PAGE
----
Service manager Paul Lymberner says that approach has created a unique working environment at Haldimand Motors. And, from what he can see on the shop floor, the techs appreciate it.

“Our whole thing is creating an atmosphere that everybody likes to work in. That’s a big part of my job, creating the right atmosphere,” he says. “You do that by building a relationship with every one of the guys.”

Getting to know each technician personally, and understanding their strengths and weaknesses, is critical to keeping the cars moving through the shop.

“We have all kinds of different people from all kinds of backgrounds – dealerships, novices, apprentices – it’s tough making sure everyone’s got the work they’re best suited for,” Paul says. “We’ve grown so quickly over the past two or three years that we’re creating new processes all the time and some of them work and others don’t.

It’s a challenge. Lately we’ve found a good rhythm, where every job is going through the right hands. I believe it’ll be an ongoing thing, though, that we’re learning as we go.”

Technician John White says he likes the approach at Haldimand Motors.

“The atmosphere here is very comfortable. It’s very family oriented. If I had to pick up my kids early from the babysitter, it would always be, ‘Go ahead, no problem. We’ll get somebody to finish what you’re doing. If we can’t find somebody, we’ll worry about it tomorrow.’ It’s really laid back.”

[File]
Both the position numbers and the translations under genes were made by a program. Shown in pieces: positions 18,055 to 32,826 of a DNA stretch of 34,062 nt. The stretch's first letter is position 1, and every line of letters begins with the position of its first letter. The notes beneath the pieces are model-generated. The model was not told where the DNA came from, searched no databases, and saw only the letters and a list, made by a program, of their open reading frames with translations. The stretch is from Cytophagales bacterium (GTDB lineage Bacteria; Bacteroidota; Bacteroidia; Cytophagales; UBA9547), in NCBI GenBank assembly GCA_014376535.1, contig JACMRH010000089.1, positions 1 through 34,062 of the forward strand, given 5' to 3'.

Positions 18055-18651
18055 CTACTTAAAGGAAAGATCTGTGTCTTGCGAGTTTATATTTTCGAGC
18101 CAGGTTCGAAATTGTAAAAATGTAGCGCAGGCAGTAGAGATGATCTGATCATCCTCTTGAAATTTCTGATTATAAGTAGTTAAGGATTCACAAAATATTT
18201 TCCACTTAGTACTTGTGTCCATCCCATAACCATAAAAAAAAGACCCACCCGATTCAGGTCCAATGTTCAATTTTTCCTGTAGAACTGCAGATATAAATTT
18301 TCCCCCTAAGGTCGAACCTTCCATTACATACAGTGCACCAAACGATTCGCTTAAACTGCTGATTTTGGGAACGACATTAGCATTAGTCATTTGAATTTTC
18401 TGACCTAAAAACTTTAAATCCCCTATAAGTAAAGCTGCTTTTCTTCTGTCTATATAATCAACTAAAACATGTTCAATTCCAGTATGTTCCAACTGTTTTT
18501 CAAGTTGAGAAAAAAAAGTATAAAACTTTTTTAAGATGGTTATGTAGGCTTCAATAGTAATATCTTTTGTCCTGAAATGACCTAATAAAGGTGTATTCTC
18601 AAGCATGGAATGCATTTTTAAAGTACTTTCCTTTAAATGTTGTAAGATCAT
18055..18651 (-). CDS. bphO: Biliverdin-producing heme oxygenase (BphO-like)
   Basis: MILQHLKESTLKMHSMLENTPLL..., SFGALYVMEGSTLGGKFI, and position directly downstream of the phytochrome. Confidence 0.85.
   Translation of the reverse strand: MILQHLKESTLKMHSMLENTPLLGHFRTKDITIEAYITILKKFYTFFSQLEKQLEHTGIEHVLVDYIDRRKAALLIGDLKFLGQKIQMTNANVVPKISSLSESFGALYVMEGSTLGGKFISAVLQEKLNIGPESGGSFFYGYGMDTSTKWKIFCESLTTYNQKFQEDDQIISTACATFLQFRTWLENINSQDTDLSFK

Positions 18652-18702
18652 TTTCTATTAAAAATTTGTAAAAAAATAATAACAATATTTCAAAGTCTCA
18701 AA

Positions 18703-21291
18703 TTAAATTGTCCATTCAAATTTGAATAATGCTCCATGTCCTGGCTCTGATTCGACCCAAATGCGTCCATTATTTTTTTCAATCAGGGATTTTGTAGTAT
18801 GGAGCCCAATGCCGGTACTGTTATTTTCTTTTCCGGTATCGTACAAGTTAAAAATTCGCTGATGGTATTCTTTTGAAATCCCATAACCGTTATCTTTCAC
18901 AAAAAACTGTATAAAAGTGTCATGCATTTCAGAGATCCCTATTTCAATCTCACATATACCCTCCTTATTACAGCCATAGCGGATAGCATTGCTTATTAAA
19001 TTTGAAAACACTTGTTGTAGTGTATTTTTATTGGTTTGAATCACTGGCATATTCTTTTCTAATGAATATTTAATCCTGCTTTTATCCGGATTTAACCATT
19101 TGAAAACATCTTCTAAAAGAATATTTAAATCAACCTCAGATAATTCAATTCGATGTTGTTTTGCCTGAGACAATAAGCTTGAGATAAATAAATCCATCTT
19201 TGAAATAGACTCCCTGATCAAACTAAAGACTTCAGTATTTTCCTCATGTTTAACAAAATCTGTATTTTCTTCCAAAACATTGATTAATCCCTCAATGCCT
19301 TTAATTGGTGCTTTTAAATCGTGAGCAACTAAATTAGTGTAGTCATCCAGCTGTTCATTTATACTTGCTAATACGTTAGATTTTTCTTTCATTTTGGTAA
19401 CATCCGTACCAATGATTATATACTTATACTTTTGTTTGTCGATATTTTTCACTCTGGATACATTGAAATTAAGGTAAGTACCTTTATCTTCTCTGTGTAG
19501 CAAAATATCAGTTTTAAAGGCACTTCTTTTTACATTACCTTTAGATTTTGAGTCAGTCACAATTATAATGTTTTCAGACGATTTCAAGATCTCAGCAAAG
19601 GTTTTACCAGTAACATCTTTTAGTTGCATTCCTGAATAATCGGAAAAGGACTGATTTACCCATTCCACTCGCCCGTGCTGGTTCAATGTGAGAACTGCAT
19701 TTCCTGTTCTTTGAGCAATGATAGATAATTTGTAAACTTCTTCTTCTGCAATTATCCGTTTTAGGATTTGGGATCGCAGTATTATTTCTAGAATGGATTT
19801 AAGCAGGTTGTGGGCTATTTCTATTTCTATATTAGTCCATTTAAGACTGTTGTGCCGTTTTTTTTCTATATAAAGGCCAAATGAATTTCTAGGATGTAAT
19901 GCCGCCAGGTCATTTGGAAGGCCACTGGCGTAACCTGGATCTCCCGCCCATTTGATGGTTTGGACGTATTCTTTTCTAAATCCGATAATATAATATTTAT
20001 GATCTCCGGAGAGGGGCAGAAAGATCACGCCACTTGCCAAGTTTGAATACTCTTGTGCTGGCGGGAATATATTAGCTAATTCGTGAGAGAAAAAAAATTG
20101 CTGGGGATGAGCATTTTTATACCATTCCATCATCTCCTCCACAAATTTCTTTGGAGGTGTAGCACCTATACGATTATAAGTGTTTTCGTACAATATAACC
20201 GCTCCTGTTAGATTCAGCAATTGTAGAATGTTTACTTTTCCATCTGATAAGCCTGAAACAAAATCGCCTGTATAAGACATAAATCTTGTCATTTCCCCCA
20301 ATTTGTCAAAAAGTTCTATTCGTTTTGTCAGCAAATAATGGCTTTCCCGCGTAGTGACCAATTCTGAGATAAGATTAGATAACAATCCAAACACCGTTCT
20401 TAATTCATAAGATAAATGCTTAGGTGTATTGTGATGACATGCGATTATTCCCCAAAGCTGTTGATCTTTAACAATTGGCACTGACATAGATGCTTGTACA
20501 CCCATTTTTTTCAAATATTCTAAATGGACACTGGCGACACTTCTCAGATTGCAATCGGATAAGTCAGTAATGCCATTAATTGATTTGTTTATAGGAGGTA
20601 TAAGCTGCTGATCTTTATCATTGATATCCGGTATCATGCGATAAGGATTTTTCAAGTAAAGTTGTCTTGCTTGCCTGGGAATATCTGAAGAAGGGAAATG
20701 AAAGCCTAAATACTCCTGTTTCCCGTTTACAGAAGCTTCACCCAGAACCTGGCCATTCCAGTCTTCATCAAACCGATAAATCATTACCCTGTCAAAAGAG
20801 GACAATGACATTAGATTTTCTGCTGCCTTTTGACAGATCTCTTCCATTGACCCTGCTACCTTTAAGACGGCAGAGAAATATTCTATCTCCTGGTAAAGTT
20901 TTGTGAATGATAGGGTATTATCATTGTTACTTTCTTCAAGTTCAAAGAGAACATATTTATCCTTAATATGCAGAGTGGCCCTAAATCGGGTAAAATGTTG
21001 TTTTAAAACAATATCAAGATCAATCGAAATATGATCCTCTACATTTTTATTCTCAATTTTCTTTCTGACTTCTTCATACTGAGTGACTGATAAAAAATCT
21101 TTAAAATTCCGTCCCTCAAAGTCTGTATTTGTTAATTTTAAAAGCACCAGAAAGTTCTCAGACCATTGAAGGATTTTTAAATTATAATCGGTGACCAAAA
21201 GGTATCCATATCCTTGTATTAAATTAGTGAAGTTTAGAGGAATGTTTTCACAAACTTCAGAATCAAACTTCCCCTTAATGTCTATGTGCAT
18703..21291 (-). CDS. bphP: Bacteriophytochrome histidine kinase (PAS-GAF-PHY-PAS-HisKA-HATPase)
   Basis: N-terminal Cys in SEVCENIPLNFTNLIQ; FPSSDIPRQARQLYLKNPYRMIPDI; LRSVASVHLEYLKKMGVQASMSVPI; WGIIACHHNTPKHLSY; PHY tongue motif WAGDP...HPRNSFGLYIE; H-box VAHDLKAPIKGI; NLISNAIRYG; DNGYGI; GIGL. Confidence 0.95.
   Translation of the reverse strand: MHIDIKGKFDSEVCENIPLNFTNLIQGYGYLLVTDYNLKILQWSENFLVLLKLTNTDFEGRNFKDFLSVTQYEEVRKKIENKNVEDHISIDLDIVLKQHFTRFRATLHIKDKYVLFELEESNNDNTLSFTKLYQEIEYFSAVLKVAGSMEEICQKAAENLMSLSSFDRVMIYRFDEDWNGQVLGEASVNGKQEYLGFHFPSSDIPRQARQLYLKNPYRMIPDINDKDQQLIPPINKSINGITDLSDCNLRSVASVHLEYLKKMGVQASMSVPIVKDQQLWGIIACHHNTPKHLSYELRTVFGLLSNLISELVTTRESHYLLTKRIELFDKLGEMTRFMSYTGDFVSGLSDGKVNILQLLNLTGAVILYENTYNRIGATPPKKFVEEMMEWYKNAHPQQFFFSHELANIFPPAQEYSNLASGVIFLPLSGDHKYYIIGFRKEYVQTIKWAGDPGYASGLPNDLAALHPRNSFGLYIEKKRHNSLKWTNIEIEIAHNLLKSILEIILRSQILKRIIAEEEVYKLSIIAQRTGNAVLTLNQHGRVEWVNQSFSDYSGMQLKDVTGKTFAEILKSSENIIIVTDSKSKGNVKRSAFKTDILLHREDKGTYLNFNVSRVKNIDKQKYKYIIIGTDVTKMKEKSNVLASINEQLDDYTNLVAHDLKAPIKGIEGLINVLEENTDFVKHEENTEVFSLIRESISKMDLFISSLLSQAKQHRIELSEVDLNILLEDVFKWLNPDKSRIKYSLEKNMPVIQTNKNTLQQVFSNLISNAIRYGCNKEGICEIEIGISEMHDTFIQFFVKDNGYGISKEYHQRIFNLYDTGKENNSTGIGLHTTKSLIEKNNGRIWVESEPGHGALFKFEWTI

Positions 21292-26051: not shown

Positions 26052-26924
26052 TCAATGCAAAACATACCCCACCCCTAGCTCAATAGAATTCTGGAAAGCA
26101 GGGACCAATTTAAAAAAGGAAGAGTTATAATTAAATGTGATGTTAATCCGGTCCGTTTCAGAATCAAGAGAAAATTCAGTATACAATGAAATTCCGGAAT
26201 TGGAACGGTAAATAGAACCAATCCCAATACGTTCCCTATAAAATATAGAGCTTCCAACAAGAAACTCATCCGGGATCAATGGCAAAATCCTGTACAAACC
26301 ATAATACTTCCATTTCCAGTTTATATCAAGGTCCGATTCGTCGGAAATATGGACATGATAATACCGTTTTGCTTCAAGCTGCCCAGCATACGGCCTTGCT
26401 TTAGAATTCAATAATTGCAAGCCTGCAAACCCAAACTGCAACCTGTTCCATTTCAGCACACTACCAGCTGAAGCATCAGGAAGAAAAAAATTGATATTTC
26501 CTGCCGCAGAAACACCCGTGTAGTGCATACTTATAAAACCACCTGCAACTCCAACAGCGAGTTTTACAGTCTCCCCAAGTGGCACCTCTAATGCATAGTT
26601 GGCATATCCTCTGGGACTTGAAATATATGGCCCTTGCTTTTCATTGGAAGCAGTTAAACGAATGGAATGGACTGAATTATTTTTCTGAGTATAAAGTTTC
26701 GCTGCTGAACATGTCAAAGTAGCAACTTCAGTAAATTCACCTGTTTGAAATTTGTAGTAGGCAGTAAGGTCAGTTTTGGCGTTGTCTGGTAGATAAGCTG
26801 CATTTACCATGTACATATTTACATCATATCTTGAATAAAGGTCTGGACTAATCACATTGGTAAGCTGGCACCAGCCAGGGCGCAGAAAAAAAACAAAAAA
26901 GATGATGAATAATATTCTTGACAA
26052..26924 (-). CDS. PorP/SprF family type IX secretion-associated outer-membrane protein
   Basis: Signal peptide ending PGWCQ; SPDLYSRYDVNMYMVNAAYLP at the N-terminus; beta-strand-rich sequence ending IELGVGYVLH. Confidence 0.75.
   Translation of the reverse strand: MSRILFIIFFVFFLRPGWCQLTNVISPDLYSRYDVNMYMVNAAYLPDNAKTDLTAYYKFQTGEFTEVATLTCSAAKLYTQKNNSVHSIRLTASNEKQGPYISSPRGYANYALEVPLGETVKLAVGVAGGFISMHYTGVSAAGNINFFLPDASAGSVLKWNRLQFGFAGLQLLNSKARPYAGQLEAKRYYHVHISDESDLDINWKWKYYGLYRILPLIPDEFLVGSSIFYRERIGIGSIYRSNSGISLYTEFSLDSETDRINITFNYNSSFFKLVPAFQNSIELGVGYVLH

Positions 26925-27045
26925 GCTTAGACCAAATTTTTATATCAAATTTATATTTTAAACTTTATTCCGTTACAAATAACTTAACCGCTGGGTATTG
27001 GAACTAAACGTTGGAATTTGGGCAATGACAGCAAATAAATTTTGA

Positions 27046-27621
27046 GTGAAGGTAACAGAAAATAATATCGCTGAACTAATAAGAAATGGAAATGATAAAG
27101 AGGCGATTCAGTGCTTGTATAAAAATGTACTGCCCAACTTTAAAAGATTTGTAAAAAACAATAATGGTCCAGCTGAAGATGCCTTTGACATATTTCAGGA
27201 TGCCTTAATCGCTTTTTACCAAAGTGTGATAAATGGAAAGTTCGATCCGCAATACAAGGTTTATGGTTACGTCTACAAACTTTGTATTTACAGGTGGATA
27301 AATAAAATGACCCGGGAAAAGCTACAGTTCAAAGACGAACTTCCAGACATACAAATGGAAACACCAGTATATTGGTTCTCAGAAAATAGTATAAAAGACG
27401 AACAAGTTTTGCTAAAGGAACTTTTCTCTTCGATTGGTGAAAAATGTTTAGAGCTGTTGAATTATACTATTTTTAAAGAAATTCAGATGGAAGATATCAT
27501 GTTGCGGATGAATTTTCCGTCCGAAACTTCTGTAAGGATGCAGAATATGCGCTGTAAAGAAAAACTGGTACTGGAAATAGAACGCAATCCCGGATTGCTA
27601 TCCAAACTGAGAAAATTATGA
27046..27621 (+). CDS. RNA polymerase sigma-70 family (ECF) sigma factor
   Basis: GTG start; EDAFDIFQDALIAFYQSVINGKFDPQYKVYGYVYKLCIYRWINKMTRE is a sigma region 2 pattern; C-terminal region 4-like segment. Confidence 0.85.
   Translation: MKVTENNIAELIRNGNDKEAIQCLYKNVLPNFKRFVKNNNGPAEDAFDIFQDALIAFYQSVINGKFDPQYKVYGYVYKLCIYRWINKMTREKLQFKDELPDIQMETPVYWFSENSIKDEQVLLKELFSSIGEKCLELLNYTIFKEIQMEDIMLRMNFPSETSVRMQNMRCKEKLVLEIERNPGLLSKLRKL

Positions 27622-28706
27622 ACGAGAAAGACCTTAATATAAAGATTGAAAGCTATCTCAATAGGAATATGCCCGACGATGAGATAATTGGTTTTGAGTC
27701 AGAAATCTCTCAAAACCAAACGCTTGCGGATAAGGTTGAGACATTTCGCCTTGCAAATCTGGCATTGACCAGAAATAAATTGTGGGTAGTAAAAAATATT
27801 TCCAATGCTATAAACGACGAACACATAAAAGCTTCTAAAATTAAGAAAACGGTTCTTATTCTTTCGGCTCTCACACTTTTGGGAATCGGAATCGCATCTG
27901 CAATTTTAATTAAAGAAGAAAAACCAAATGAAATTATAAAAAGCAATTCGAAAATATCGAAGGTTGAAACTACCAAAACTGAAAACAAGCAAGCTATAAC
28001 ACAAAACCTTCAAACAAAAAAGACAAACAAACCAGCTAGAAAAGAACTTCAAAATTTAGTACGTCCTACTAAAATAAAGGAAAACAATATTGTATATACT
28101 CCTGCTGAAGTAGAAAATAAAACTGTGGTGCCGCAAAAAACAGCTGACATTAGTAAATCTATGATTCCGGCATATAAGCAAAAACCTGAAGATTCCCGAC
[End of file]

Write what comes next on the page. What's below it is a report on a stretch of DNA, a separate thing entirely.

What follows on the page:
He comes to Haldimand from a dealership, and has found many differences in the way the business is run.

“The biggest difference here is we’re not flat rate. It gives you the freedom to do the job properly. You have time. You don’t have to rush or take short cuts. Everything can be 100 per cent before you send it out the door,” he says. “It’s better for everybody. It’s better for the customer, it’s better for John, and it gives us a good reputation.

Nurturing a relaxed atmosphere that emphasizes quality workmanship is going to pay off dividends in the future, because as busy as they are right now, everyone senses that they’re going to get even busier.

The irony is that John Edelman, who never wanted to be in the repair business at all, is at the helm of what could become Canada’s most impressive aftermarket facility.

“I believe I have only scratched the surface of what this business could become,” he says. “Look at the what’s happening with new car prices. Who can afford $40,000 for a vehicle, even if it is with 0% financing? But we’ve got ’04 Intrepids for $13,995 with lots of warranty left and excellent financing. Who can’t afford that?”

It’s about the only time he sounds like a used-car salesman.

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1 Comment » for Growth mode
  1. PAUL EBERTH says:

    Bailment Law in Canada:

    When a person (bailee) acquires temporary possession of a chattel by arrangement with the owner, the bailee is liable for damage done to goods while in his/her possession.

    In this case, the dealership accepted the temporary possession of the vehicle by accepting the keys into their night drop box. Accordingly, they are liable for the keys being taken and the vehicle stolen.